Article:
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Analyticity, Linguistic Rules and Epistemic Evaluation


We can characterise thought in two different ways. Which is preferred can have implications for important issues about reasoning and the norms that govern cognition. The first, which owes much to the picture of the mind encountered in Descartes' Meditations, observes that paradigmatic examples of thoughts and inferences are events and processes whose special characteristics stem from their being ‘mental’ occurrences. For example they are conscious or, if unconscious, they stand in some special relation to thought processes that are conscious. They typically involve attitudes towards contents or propositions. In general, thoughts have a distinctive onto-logical status and this status depends upon their being mental and typically conscious. The second emphasises that thought is a kind of activity with a definite function. It involves the use of intelligence to solve problems, answer questions, make plans and so on. Thought should be studied as a kind of goal-directed activity. Those interested in the norms that govern thought should attend to the role of responsible disciplined reflection in carrying out this activity.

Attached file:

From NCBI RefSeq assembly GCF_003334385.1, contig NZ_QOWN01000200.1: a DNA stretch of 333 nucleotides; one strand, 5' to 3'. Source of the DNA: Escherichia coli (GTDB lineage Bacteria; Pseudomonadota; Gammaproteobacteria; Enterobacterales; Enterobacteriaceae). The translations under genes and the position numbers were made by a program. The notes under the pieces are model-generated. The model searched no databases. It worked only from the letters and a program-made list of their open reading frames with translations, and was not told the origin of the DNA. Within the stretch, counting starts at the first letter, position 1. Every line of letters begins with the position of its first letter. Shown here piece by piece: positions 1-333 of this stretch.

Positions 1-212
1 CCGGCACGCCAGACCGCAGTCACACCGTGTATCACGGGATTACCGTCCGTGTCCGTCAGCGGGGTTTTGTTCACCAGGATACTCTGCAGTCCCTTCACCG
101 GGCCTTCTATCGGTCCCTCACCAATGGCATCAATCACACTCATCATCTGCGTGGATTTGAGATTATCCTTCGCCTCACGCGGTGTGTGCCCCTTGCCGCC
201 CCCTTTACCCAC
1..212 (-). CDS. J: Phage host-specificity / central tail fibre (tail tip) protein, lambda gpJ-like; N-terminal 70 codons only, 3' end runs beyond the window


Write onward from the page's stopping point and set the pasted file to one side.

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H. P. Grice and P. F. Strawson 1956. ‘In Defense of a Dogma’, The Philosophical Review 65, 141–58

W. V. Quine 1994a. ‘Responses’, Inquiry 37, 495505

B. C. Van Fraassen 1980. The Scientific Image. Oxford University Press

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Royal Institute of Philosophy Supplements
  • ISSN: 1358-2461
  • EISSN: 1755-3555
  • URL: /core/journals/royal-institute-of-philosophy-supplements
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